I used three things to make this: Geometer’s Sketchpad (to make one black and white version; the whole thing is made of semicircles), MS-Paint (to color the six different versions which appear here), and the website http://www.makeagif.com (to assemble the six separate still images into one .gif file, with the illusion of motion). The surprising thing to me was how fast the process was, once I had the idea of my goal for a finished product.
In which direction is the polyhedron above rotating? If you say “to the left,” you’re describing the direction faces are going when they pass right in front of you, on the side of the polyhedron which faces you. However, “to the left” won’t really do . . . for, if you consider the faces hidden on the side facing away from you, they’re going to the right. What’s more, both of these statements reverse themselves if you either turn your computer over, or stand upside-down and look at the screen. Also, if you do both these things, the situation re-reverses itself, which means it reverts to its original appearance.
Rotating objects are more often, however, described at rotating clockwise or counterclockwise. Even that, though, requires a frame of reference to be made clear. If one describes this polyhedron as rotating clockwise, what is actually meant is “rotating clockwise as viewed from above.” If you view this spinning polyhedron from below, however, it is spinning counterclockwise.
Since I live on a large, spinning ball of rock — of all solid objects in the solar system, Earth has the greatest mass and volume, both — I tend to classify rotating objects as having Earthlike or counter-Earthlike rotation, as well. Most objects in the Solar system rotate, and revolve, in the same direction as Earth, and this is consistent with current theoretical models of the formation of the Solar system from a large, rotating, gravitationally-contracting disk of dust and gas. The original proto-Solar system rotated in a certain direction, and the conservation of angular momentum has caused it to keep that same direction of spin for billions of years. Today, it shows up in the direction that planets orbit the sun, the direction that most moons orbit planets, and the direction that almost everything in the Solar system rotates on its own axis. Because one direction dominates, astronomers call it the “prograde” direction, with the small number of objects with rotation (or revolution, in the case of orbital motion) in the opposite direction designated as moving in the “retrograde” direction.
So which is which? Which non-astronomical directional terms, as used above when describing the spinning polyhedron there, should be used to describe the prograde rotation of Earth, its prograde orbital revolution around the sun, and the numerous other examples of prograde circular or elliptical motion of solar system objects? And, for the few “oddballs,” such as Neptune’s moon Triton, which non-astronomical terms should be used to describe retrogade motion? To find out, let’s take a look at Earth’s revolution around the Sun, and the Moon’s around the Earth, for those are prograde is well. This diagram is not to scale, and the view is from above the Solar, Terran, and Lunar North poles.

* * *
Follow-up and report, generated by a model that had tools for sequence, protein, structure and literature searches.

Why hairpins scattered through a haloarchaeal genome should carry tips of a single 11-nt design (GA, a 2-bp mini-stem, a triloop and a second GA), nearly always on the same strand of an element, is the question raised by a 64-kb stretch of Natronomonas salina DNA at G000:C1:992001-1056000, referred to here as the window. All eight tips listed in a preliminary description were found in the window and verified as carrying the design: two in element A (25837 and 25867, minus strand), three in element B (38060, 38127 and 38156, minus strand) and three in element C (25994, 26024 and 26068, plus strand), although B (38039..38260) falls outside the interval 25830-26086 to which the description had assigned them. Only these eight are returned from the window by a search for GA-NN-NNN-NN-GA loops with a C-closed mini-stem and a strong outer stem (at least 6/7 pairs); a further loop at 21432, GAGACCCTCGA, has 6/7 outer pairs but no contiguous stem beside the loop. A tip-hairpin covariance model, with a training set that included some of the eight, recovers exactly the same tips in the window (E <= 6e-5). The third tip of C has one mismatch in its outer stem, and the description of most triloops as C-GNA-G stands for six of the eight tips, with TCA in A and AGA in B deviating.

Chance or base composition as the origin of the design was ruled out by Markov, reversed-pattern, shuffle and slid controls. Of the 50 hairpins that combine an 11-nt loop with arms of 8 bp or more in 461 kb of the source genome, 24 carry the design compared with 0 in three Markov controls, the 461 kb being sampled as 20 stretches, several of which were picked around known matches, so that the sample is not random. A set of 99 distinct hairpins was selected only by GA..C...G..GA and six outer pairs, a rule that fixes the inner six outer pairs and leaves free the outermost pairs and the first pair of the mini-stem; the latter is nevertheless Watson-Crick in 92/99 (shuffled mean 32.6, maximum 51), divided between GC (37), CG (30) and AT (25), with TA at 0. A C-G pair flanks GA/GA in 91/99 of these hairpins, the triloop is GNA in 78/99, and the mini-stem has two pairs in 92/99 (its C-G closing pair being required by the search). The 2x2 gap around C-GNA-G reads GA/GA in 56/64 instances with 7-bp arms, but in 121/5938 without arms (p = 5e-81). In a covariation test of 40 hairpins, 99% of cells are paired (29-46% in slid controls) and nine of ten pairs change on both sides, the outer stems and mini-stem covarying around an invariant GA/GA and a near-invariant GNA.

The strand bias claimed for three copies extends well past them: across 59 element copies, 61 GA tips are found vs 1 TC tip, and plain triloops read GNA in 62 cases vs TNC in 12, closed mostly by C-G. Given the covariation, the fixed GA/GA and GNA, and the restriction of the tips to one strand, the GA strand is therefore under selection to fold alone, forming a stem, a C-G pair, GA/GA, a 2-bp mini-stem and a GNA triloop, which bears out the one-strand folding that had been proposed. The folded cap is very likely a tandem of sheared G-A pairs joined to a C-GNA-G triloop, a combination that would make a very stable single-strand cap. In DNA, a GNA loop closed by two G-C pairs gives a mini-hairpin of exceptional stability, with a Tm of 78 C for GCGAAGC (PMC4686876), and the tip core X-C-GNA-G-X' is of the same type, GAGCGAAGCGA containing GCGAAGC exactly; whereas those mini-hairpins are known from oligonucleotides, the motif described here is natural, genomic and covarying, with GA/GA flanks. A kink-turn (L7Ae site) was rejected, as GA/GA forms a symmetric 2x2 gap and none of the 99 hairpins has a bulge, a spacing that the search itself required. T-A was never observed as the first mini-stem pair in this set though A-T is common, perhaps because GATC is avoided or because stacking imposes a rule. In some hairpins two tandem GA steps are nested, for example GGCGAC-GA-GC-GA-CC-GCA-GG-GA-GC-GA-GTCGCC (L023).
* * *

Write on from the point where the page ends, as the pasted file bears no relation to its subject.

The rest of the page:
[Image found reblogged on Tumblr, creator unknown.]
Prograde (Earthlike) motion, then, means “counterclockwise, as viewed from above the North pole.” To describe retrograde (counter-Earthlike) motion, simply substitute “clockwise” for “counterclockwise,” or “South pole” for “North pole,” but not both. Here’s the spinning Earth, as viewed from the side:
If you’ll go back and check the polyhedron at the top of this page, you’ll see that its spin is opposite that of this view of the Earth, and it was described as moving clockwise, viewed from above. That polyhedron, and the image of Earth above, would have the same direction of rotation, though, if either of them, but not both, were simply viewed upside-down, relative to the orientation shown.
Stella 4d, the software I use to make rotating polyhedral .gifs (such as the one that opened this post), then, has them spin, by default, in the same direction as the Earth — if the earth’s Southern hemisphere is on top! As I live in the Northern hemisphere, I wondered if that was deliberate, for the person who wrote Stella 4d, available at www.software3d.com/Stella.php, lives in Australia. Not being shy, I simply asked him if this were the case, and he answered that it was a 50/50 shot, and simply a coincidence that it came out the way it did, for he had not checked. He also told me how to make polyhedral .gifs which rotate as the Earth does, at least with the Northern hemisphere viewed at the top: set the setting of Stella 4d to make .gifs with a negative number of rotations per .gif-loop. Sure enough, it works. Here’s an example of such a “prograde” polyhedron:
This polyhedron is also known as the truncated icosidodecahedron. However, I prefer the name which appears in the title of this post.
I made the image which appears on each face with Geometer’s Sketchpad and MS-Paint, and then used Stella 4d to project this image onto each face of this polyhedron, and create this rotating .gif image.
If you’d like to try Stella 4d for free, just visit this site: http://www.software3d.com/Stella.php. To my knowledge, a free trial download is only available for Stella 4d, but not for the other programs mentioned above.